Calkins Media: Treasurer McCord, think tank rip Corbett pension reform plan
By Mark Shade
HARRISBURG — State Treasurer Rob McCord, a possible Democratic candidate for governor in 2014, joined forces with a left-leaning, pro-state employee think tank Tuesday in an attempt to rip apart Gov. Tom Corbett’s pension reform plan proposal.
The first-term Republican governor had asked lawmakers earlier to change the funding formula for the State Employees’ Retirement System and Public School Employees’ Retirement System to begin to close what Corbett says is a $41 billion gap.
Under the governor’s plan, state employees hired as of July 1, 2015, would be entered into a defined contribution plan similar to a 401(k) plan and be required to contribute at least 6.25 percent of their salary to their retirement plans.
Corbett’s plan would also reduce annual employer contribution limits from the mandated 4.5 percent to 2.25 percent in the 2013-14 fiscal year. That amount would increase 0.5 percent each year until it returns to 4.5 percent or is equal to the annual required contribution rate.
McCord and the Keystone Research Center said Corbett’s plan would worsen Pennsylvania’s pension problem.
“If pension reform just means giving the budget office a break in finding relief for how to balance this year’s budget, then we have before us a proposal that relates to ‘pension reform,’ ” McCord said. “If what we’re saying is we’re successfully addressing an alarmingly high level of unfunded pension liability, then it fails.”
The Keystone Research Center, whose board includes members of the AFL-CIO, PSEA, American Federation of Teachers, and the United Steelworkers, said Corbett’s pension restructuring plan would lower investment returns because fewer state employees would contribute.
That, it said, is a one-two punch for taxpayers.
“It increases the cost of keeping current pension promises and raises the costs of pensions going forward,” Stephen Herzenberg, the center’s executive director, said during a conference call with journalists. “It’s a lose-lose.”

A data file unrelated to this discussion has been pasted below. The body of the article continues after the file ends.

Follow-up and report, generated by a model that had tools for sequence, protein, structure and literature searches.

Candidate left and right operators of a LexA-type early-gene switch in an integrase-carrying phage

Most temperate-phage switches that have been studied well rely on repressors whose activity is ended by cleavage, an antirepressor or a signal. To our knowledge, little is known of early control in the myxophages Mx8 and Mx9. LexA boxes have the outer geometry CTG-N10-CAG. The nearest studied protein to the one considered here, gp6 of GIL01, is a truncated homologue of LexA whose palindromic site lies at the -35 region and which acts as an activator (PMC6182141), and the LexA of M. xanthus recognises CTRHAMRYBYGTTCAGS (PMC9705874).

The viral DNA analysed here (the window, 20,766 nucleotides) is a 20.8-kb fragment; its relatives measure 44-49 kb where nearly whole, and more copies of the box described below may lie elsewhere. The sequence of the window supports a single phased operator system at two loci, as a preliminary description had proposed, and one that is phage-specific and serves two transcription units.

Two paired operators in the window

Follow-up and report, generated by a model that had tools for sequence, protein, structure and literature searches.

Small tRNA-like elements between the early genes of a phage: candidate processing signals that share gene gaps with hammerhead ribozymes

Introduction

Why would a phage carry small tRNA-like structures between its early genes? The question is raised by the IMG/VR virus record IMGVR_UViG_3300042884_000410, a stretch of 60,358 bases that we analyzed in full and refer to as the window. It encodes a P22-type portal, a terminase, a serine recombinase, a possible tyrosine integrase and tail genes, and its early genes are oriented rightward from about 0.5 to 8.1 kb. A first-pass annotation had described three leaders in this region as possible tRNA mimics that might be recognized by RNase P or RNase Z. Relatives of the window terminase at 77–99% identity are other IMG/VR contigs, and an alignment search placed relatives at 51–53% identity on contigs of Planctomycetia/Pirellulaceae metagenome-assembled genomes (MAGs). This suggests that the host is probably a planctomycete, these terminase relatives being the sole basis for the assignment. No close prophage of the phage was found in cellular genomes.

With lower returns, the state and school districts would have to increase their contributions to meet existing pension obligations, said Herzenberg, who earned a PhD. in economics from MIT.
Neither McCord nor Herzenberg offered a plan of their own on how to solve the pension deficit problem.
Corbett has argued that, left unchecked, the growing fiscal demands of the state’s pension system will force him and future governors to seriously cut state-funded programs.
With his proposal, the governor has said the state would save $2 billion over five years.
Corbett’s budget office said the Keystone Research Center’s study is only looking at the defined contribution plan and is ignoring the rest of the governor’s proposal.
“To only look at that part of the plan is disingenuous,” budget press secretary Jay Pagni said. “The governor’s proposal is more encompassing.”
McCord said Corbett’s plan would do little to address the current problem.
“By shifting to a defined contribution plan, at the very least, you do nothing to reduce your unfunded liability but you do dramatically accelerate your rate at which you owe that unfunded liability,” McCord said. “This isn’t a harmless kicking the can down the road. What it is, basically, is a planned tax hike on anybody who is planning on living in Pennsylvania in 2019 and beyond.”
Alaska, Michigan and West Virginia have switched to defined contribution plans, but Herzenberg said studies have shown that change forced increases in unfunded pension liabilities.
According to the State Employees’ Retirement System, more than 117,000 retirees and beneficiaries receive, on average, $25,100 annually from the pension program. Its total fund asset is $25.3 billion.
At the end of 2012, the Public School Employees’ Retirement System had $51 billion in assets and 195,000 retirees receiving benefits. It is the 17th-largest state-sponsored pension fund in the country. In 2011, its investments generated a 20.4 percent rate of return and $9.2 billion in net income.
Corbett has asked lawmakers to help him find a solution for the pension problem. At an appearance earlier this month with 400 construction company representatives, the governor said not doing anything could prove to be dire.
Mark Shade: firstname.lastname@example.org or 267-326-3129